Animi: Warbeasts all have an animus that they can use and Gargantuans are no exception to this.  What's more, not only can a warbeast use their own animus, but warlocks can also cast a warbeast's animus as a spell.  This effectively means that a Gargantuan not only adds extra hitting power (as we illustrated above) but they also add to the warlock's spell list.  "But if we took two warbeasts for the same cost of a Gargantuan, we'd get an extra spell!", I hear you say.  The biggest difference here, though, is that the animus of a Gargantuan is much more difficult to remove from the table.  If I see a Woldwarden with pBaldur, I can kill that Woldwarden much more easily to remove its animus from the table than I can the Woldwrath.  These Gargantuans also have different animi than the faction had already, so they add a new level of tactical play the faction didn't have before.  For example, the Mountain King sports Amuck, which was previously found on the Rhinodon.  The animus doesn't offer nearly as much to Skorne as it does to Trolls.  Having boosted special attacks is very significant for trolls because nearly every troll warbeast has two open fists and the Thresher (* Attack) on the Axer.  While the Axer is a great warbeast alone, he and the Mountain King are BFFs, with each of their own animi helping the other.  Not only that, but depending on the animi, the warlock can just cast it himself onto the Gargantuan (like the Mountain King), allowing the beast to spend its fury on buying attacks or boosting.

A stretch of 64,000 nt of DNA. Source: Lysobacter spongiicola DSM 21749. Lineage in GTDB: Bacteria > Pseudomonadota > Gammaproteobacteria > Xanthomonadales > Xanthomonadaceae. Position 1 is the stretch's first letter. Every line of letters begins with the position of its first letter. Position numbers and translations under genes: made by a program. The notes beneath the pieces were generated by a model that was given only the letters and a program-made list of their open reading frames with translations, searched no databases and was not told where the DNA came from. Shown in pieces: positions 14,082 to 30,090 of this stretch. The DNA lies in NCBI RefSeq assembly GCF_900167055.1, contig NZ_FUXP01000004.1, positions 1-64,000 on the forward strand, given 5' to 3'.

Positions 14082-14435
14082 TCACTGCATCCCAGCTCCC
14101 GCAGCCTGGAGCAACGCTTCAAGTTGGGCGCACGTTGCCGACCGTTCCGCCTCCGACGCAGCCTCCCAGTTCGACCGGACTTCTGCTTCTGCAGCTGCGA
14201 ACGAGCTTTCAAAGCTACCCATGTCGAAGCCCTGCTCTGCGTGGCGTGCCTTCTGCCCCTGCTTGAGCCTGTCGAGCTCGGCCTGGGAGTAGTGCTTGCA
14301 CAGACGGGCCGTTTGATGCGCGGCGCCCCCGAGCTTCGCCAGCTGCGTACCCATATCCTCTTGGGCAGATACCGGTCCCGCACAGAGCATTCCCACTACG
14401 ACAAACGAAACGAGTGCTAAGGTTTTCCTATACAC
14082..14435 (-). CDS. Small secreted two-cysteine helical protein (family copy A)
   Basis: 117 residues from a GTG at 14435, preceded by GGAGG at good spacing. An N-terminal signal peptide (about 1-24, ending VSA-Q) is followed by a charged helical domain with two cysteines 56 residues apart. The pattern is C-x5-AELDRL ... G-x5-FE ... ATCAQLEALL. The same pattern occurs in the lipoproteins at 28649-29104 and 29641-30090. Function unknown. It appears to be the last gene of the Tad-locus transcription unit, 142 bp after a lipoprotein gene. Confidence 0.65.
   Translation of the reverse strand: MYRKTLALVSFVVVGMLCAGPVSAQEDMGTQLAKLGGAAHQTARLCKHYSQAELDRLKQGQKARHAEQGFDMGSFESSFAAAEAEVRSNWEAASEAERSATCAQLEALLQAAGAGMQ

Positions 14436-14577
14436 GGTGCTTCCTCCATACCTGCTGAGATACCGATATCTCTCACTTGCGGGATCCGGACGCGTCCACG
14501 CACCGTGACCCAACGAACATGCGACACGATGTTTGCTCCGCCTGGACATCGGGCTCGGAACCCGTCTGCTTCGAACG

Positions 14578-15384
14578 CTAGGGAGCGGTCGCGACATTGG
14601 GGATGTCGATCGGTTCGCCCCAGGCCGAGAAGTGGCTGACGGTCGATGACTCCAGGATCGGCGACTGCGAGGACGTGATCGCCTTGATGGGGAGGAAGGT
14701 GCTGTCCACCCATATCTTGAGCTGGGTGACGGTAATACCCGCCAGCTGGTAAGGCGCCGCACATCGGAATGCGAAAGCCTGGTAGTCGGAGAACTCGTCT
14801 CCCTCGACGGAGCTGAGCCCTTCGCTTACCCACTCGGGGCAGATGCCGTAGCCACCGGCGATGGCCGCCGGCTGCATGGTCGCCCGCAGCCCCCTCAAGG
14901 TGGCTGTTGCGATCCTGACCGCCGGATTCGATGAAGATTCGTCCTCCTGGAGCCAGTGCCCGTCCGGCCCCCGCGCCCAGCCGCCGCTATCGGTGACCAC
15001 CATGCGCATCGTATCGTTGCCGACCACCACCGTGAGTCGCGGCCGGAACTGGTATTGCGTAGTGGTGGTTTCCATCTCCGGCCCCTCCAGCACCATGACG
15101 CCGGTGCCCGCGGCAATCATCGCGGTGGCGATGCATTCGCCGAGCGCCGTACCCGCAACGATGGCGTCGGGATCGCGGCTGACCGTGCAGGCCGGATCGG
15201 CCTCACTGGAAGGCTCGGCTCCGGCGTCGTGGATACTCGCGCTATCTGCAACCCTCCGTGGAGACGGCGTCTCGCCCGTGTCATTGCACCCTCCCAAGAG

Transfer Damage: This is probably one of the most significant consequences of having Gargantuans.  While you might think that having two heavy warbeasts would be better for transferring damage, Gargantuans provide a much safer alternative for transfer targets because they have more boxes.  Let me be more specific: they have more boxes per aspect.  Let's say you suffer an attack that deals 12 points of damage and you want to transfer that.  You could transfer that to a heavy warbeast, but that's enough damage to knock out one aspect of most warbeasts (such as the mind or spirit).  If you transfer that to a Gargantuan, however, it will not be close to knocking out an aspect.  Even if you suffer another 12 points of damage, that might only be enough to knock out one aspect on a Gargantuan, but that could be enough to kill that same heavy if you transferred to it before and it had already suffered some damage.  Even if you transfer it to another heavy, suddenly you have 2 heavies with 2 aspects out, while the Gargantuan might only have one aspect knocked out.  That's a difference of spending only 1 fury to heal an aspect instead of 2, and if you have someone in your face, each fury makes a difference!